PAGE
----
Rose Velazquez | Jul 08, 2022

Walking among the rows of supercomputer cabinets in Argonne National Laboratory’s Leadership Computing Facility is kind of like wandering through a high-tech version of The Shining’s Overlook Maze — minus the ax-wielding madman.

What Is a Supercomputer?

Supercomputers divide problems or tasks into multiple parts that are worked on simultaneously by thousands of processors, making them dramatically faster than the everyday laptop or desktop computer.

The facility, located about 25 miles from Chicago, is home to supercomputing resources housed in a 25,000-square-foot data center with low ceilings and a white tile floor. With all of that equipment whirring away, it is not a quiet place. Nearest the computers, visitors must speak-shout in order to be heard above a constant loud hum.

With support from the U.S. Department of Energy, Argonne’s work bolsters groundbreaking research.

This kind of state-of-the-art technology is the backbone of “changing the way scientists explore the evolution of our universe, biological systems, weather forecasting and even renewable energy.”


theta supercomputer argonne national laboratory
Theta is one of two supercomputers at the Argonne National Laboratory. | Photo: Argonne National Laboratory

What Is a Supercomputer?

Supercomputers have for years employed a technique called “massively parallel processing,” whereby problems are split into parts and worked on simultaneously by thousands of processors as opposed to the one-at-a-time “serial” method of, say, your regular old MacBook Air. Here’s another good analogy, this one from Explainthatstuff.com:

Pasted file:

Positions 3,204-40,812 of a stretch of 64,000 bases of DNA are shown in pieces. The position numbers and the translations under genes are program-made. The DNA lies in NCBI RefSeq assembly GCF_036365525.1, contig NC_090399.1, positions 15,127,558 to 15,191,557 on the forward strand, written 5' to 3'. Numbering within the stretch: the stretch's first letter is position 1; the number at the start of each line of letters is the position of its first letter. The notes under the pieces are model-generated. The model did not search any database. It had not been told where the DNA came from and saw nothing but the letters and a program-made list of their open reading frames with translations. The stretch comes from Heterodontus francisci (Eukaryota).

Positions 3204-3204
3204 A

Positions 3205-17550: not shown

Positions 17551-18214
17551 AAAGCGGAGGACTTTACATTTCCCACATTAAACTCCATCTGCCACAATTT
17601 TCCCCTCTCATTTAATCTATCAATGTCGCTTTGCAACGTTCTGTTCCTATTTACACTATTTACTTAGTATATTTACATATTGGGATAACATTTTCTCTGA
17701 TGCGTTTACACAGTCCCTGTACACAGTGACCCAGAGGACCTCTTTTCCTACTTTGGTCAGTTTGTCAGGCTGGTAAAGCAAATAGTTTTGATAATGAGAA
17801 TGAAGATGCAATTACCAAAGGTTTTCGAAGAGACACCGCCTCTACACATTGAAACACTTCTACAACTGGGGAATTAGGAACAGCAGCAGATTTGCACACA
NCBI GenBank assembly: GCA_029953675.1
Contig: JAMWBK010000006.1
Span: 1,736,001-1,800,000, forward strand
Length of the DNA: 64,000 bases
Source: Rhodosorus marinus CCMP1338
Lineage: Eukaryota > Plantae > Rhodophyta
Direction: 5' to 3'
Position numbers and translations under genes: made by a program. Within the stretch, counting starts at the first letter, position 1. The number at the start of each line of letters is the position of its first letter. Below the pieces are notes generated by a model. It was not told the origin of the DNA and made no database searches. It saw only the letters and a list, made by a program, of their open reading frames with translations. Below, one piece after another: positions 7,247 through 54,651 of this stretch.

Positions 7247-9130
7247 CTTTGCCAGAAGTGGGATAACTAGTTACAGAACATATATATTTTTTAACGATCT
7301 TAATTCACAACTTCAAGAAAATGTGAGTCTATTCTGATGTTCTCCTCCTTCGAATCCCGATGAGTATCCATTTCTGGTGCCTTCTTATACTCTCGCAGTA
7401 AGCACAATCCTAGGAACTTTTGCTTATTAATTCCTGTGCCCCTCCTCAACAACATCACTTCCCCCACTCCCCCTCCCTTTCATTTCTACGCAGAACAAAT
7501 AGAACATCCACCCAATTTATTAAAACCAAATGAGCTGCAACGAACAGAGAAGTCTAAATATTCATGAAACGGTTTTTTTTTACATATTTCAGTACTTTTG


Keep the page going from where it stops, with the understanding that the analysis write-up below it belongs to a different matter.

It’s like arriving at a checkout with a cart full of items, but then splitting your items up between several different friends. Each friend can go through a separate checkout with a few of the items and pay separately. Once you’ve all paid, you can get together again, load up the cart, and leave. The more items there are and the more friends you have, the faster it gets to do things by parallel processing — at least, in theory.

“You have to use parallel computing to really take advantage of the power of the supercomputer,” said Caitlin Joann Ross, who did a six-month residency at Argonne while she was a doctoral candidate at Rensselaer Polytechnic Institute. “You have to understand how data needs to be exchanged between processes in order to do it in an efficient way, so there are a lot of different little challenges that make it a lot of fun to work with. Although there are days when it can certainly be frustrating.”

“Debugging” issues, she told Built In in 2019, are the chief cause of that frustration. Calculations that might run smoothly using four processors, for instance, could break down if a fifth is added. 

“If you’ve got everything running perfectly,” Ross said, “then whatever it is that you’re running is running a lot faster than it might on a computer with fewer processors or a single processor. There are certain computations that might take weeks or months to run on your laptop, but if you can parallelize it efficiently to run on a supercomputer, it might take a day.”